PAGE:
Claire Lim is a Scottish presenter, writer and podcaster, who has been living and working in London for 20 years. But now seems to be jacking it all in to move to Los Angeles. You might know her from Screengrab, the BAFTA Scotland Award, Sky's Licence To Drive, Press X To Continue, hosting her own podcast, Real Imagined Futures or running big panels at MCM Comic Con. After I reported on her most recent Sandman panel at MCM London, we got chatting. This is the result. It was time for her origin story. But first, I got to learn about her favourite comics.
"Charles Burns' Black Hole, I really love that, I've always wanted to see that made into a film because it's very kind of Cronenberg-esque. Adrian Tomine, he's such a great illustrator and graphic novelist, I really connect to his stories very much. Craig Thompson is an amazing illustrator and writer, I like things that sort of press buttons and push the boundaries a little bit." We may return to Charles Burns. But where did this all begin?
1. The origin story of Claire Lim
"The earliest memory I have of really enjoying talking about pop culture was with my little brother, way back in the 90s, before podcasts or YouTube were a thing. We used to watch episodes of Red Dwarf and then get our cassette recorders out and record an after-show on cassette, like the nerds that we are. And we would reenact scenes, talk about our favourite quotes, and run down exactly what we enjoyed about the episodes. And then I had a music fanzine called Broken Violin for Idlewild. I love music that's my absolute first love. I still play the guitar and still release music sometimes, and then I started interviewing bands through this fanzine. I'm really interested in people's stories, I love that world, and I like weird creative people, and I just knew that was what I wanted to do. Then I got completely sidetracked because my parents told me that this wasn't really a proper job, so I went to get a proper job. I worked in the media for a while behind the scenes, and then eventually, a producer that I knew at BBC said to me, hey, do you want to help us create some new video content? We're starting The Social brought to you by BBC Scotland, and I said yes. And then things rolled on. I got creative with some of the content, and then my first celebrity interview was with Jeff Goldblum."
But it was a lot more than just Jeff. Claire tells me "I wrote for the Metro, Empire and SFX, so I've always been involved in this world. I just started to get to know people and then fell into it that way. If I go back to the band days, I was interviewing quite big bands back then, I interviewed Muse when they were younger because I'm a very old lady. so I interviewed them twenty-odd years ago, I interviewed obviously Idlewild, and lots of really huge bands that were coming up. I've always been in amongst creative people, I feel quite at home with people with weird brains who are creative and who are doing that kind of thing because I also love creating. I love making music and stuff, so I never really saw it as people that are on a screen or on a stage doing crazy things. Of course, I was nervous about Jeff Goldblum, because he's such an icon. When I got to talking to him, he was just a really strange, odd, nice guy. I've got friends that work in front of the camera, and there are actors/comedians/musicians, they're just weirdos like you and me. That's all they are."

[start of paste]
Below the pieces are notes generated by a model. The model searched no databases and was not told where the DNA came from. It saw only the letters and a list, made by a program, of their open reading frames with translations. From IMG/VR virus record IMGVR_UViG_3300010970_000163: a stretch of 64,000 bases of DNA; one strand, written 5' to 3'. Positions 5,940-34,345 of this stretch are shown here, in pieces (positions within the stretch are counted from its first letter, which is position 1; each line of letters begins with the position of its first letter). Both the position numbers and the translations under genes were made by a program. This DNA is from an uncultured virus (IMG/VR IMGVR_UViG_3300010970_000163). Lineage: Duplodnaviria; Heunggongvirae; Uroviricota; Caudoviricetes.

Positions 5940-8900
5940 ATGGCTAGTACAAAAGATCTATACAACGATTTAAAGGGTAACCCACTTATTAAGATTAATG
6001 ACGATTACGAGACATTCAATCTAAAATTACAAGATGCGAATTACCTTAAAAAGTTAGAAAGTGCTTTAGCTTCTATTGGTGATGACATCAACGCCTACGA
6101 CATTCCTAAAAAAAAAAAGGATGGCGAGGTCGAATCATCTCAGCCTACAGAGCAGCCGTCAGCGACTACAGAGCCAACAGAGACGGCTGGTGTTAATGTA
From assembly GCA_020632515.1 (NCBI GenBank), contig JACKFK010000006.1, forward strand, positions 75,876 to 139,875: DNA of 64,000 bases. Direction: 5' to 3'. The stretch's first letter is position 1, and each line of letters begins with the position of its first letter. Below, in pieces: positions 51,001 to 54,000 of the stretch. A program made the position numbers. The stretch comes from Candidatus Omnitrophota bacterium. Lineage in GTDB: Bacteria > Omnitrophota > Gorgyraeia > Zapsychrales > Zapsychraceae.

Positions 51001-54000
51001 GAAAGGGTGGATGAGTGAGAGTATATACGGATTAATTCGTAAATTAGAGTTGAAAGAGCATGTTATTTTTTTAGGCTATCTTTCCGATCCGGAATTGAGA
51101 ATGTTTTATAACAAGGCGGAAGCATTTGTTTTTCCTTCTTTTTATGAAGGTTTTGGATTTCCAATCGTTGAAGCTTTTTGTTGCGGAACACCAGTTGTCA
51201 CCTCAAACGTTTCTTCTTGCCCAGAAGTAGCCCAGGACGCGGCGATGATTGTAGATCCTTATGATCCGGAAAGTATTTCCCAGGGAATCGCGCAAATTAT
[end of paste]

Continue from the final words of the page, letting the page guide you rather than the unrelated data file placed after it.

I asked if, given her origins, she'd feel that way about any of the boys from the Dwarf? "Oh, I'm doing Wales Comic Con next week, and I think Chris Barrie, is going to be there, I might have to say hello – oh, and I met the woman that plays Holly, she was very lovely, very shy and sweet, but I'd love to meet the rest of them because that would be full circle." Does she still have her old tapes? "That's the question, oh my God, probably back home in Scotland, yeah probably back home, my mum's probably got a bunch. They're moving out soon and have a whole bunch of stuff that she wants me to go through, so I need to go up there… I'm the pioneer of podcasts."
2. Stepping out
So what has she been doing of late to celebrate? "I think this year what I was really kind of proud about doing was an American Comic Con, I was about to do The Walking Dead panel at Salt Lake Comic-Con, and everything in America is 10 times as big, and it's super shiny. I was standing with Ross Marquand, who is a friend, so we were just chatting, and it was good because it helped my nerves. I walked on last, and I looked out into the ballroom, it's 5,000 people. Americans are so loud, they are very, very enthusiastic, and I looked around, and I took it in. So Ross started speaking first, but I couldn't get on the chair because it was too high for me, because I've got little short legs, and was really struggling, and I said thank you for that segue because I couldn't get on this chair and I just looked out into the crowd. I never thought in a million years I would be doing it. It's an honour and a privilege to be able to sit on a stage and talk about things that are dorky and geek because I got so bullied for it when I was younger. I was the rotund sad kid that played the guitar and wrote sad girl songs about wanting a boyfriend and reading comics and drawing Spider-Man. I was like a very stereotypical geek, so to sit out there and to look at, that was amazing."